Win a flower (🌹) or copy of Real-World Software Development: A Project-Driven Guide to Fundamentals in Java (πŸ“š) this week in the Agile and Other Processes forum!
  • Post Reply Bookmark Topic Watch Topic
  • New Topic
programming forums Java Mobile Certification Databases Caching Books Engineering Micro Controllers OS Languages Paradigms IDEs Build Tools Frameworks Application Servers Open Source This Site Careers Other all forums
this forum made possible by our volunteer staff, including ...
Marshals:
  • Campbell Ritchie
  • Paul Clapham
  • Liutauras Vilda
  • Knute Snortum
  • Bear Bibeault
master stewards:
  • Devaka Cooray
  • Jeanne Boyarsky
  • Junilu Lacar
garden masters:
  • Ron McLeod
  • Stephan van Hulst
  • Tim Moores
  • Carey Brown
  • salvin francis
gardeners:
  • Tim Holloway
  • Piet Souris
  • Frits Walraven

Intellij or Netbeans for learning Java?

 
Posts: 10
  • Mark post as helpful
  • send pies
  • Quote
  • Report post to moderator
Hi everyone,
I'm new on here and looking to pick up Java once more after spending a bit of time on it at uni with BlueJ and NetBeans. I've been getting to grips with Intellij and I'm interested to hear about preferences.
 
gardener
Posts: 1868
81
Android IntelliJ IDE MySQL Database Chrome Java
  • Likes 1
  • Mark post as helpful
  • send pies
  • Quote
  • Report post to moderator
Welcome to CodeRanch Vanessa.

I'm not too sure if there is an easy answer to your question as each person will most likely have their own reasons for using the IDE that they are using.
Here are some opinions on IDEs:
  • https://coderanch.com/t/688064/java/Recommended-text-editor-writing-Java
  • https://coderanch.com/t/681901/java/IDE-Beginner
  • Many of the mainstream IDEs/editors have good documentation and strong/helpful communities to help out.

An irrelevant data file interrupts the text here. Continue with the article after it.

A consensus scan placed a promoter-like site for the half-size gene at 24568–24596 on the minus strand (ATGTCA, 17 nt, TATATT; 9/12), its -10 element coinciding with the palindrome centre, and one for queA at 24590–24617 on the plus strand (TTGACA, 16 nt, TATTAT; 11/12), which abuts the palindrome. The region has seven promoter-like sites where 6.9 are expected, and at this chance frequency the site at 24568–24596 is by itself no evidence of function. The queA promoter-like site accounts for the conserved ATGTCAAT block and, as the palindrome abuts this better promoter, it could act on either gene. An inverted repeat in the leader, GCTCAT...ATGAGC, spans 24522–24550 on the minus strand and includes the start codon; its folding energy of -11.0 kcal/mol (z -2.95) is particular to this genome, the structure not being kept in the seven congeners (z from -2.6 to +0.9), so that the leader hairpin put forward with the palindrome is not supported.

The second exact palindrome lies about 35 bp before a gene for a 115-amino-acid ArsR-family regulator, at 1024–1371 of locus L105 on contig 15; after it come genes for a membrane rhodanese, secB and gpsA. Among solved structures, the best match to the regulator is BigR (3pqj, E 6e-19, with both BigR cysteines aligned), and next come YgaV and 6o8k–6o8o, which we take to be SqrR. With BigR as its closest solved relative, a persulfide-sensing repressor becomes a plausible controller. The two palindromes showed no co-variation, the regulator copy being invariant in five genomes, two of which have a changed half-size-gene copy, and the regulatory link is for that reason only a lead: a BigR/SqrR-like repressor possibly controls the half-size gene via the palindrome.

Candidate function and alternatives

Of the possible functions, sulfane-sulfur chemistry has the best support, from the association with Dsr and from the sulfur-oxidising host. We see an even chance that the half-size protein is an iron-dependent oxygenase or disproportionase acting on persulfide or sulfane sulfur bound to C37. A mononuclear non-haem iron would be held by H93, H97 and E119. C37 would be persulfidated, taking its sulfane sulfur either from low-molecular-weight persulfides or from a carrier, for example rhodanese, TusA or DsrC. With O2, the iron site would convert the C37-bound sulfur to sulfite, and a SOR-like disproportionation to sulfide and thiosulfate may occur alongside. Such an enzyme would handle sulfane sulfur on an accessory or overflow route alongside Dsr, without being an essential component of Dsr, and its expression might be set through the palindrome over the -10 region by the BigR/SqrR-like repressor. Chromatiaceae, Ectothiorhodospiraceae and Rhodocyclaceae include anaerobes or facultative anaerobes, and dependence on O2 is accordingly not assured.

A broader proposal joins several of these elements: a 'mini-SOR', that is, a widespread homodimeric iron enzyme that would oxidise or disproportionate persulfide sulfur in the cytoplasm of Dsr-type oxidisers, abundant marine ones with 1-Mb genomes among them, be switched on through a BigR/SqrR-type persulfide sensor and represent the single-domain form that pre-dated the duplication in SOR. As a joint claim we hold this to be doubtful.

I suppose the main question is "What are your goals?". You don't have to answer that here, but you should attempt to answer that before too long.

    You have chosen to learn Java for a reason and some IDEs appear to have better support in certain areas then others. Plus your background would influence your choice.
    Some people may have a strong background with Microsoft Visual Studio, so they would probably gravitate to an IDE like Visual Studio.
    Other may have previous experience using Eclipse for other development in the past.
    Some companies may force you to use a specific IDE, so knowing more then one is not a bad thing.

    If you are going for Java certification then I would recommend against using an IDE.
    IDEs are great for creating production code, but they hide many things which a someone should know which may be on certification exams.
    Plus, knowing how to do things without an IDE can be very helpful if you are forced to use a system where you cannot install your IDE.
     
    She still doesn't approve of my superhero lifestyle. Or this shameless plug:
    Java file APIs (DOC, XLS, PDF, and many more)
    https://products.aspose.com/total/java
    • Post Reply Bookmark Topic Watch Topic
    • New Topic
    Boost this thread!